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Linux Containers (LXC) provide a Free Software virtualization system for computers running GNU/Linux. This is accomplished through kernel level isolation using CGroups and namespaces. It allows one to run multiple virtual units simultaneously. Those units, similar to chroots, are isolated and utilize available resources efficiently, as they run on the same kernel.

Visit https://linuxcontainers.org/ for all related information.

Full support for LXC (including userspace tools) is available since the Debian 6.0 "Squeeze" release, the newer LXD tooling packaging is still a work in progress.

You can also read some sub pages :

Supported versions of LXC

There are two LTS versions of the LXC userspace tools currently supported by upstream:

LXC 1.0 is available in Jessie. LXC 2.0 is available in Stretch and Jessie Backports.

There are also short term support releases

When looking for documentation, howtos and tutorials, please check which LXC version they apply to, as things might have changed. The 2.1 release, for example, changes the configuration file structure in several ways.

The rest of this page will try to distinguish between information that applies to both LTS versions and that which applies to only to one of them.

Installation

Typically required packages are lxc, debootstrap and bridge-utils (the latter two are recommended by LXC package). libvirt-bin is optional.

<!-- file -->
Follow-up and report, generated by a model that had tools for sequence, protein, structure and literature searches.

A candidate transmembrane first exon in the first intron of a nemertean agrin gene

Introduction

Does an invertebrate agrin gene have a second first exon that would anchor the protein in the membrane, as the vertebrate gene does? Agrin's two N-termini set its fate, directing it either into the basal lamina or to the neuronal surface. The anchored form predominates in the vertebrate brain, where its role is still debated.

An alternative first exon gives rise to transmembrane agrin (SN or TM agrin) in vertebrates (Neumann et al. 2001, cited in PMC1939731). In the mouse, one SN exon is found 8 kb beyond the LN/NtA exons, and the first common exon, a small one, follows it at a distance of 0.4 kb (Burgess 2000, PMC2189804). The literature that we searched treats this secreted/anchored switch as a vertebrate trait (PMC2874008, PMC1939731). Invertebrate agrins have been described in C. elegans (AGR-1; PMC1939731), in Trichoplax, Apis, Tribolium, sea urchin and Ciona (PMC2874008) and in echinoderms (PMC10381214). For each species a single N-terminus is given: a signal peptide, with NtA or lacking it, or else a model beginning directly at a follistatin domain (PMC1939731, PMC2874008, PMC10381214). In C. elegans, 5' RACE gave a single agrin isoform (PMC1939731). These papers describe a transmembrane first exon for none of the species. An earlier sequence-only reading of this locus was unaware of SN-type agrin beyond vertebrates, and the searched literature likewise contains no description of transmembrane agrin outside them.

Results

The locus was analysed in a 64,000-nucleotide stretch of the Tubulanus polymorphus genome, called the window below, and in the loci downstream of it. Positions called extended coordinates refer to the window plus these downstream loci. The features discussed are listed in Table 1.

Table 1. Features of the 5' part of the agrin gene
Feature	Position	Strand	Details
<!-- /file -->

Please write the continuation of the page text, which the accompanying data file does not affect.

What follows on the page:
Optionally:

If doing an unprivileged install, the package requirements are slightly different

apt-get install lxc libvirt0 libpam-cgroup libpam-cgfs bridge-utils

Networking

Debian's packages do not ship any default network setup for containers (/etc/lxc/default.conf contains lxc.network.type = empty).

If you want to have network in your containers (and you usually do), you will have to either change the global default or configure each individual container. You will also probably will have to setup a bridge, firewall and maybe DHCP (see below for details how to do this).

Please note that most container templates configure the first interface to use DHCP by default.

Stretch ships with a new major release of LXC which also includes a helper for easier networking setup called lxc-net. lxc-net allows you to set up a simple bridge for your containers, providing a DHCP-and-NATed IPv4 network. IPv6 support currently (in Stretch) requires manual configuration.

For complete manual setup without the convenience of lxc-net, see the networking section below.

Caveat on internet documentation:

There is much conflicting documentation due to differing versions. As a quick overview check out the Networking Essentials section down below. This wiki may also be outdated. When using lxc-net, only the following minimal changes are required to get a networked container up and running in Stretch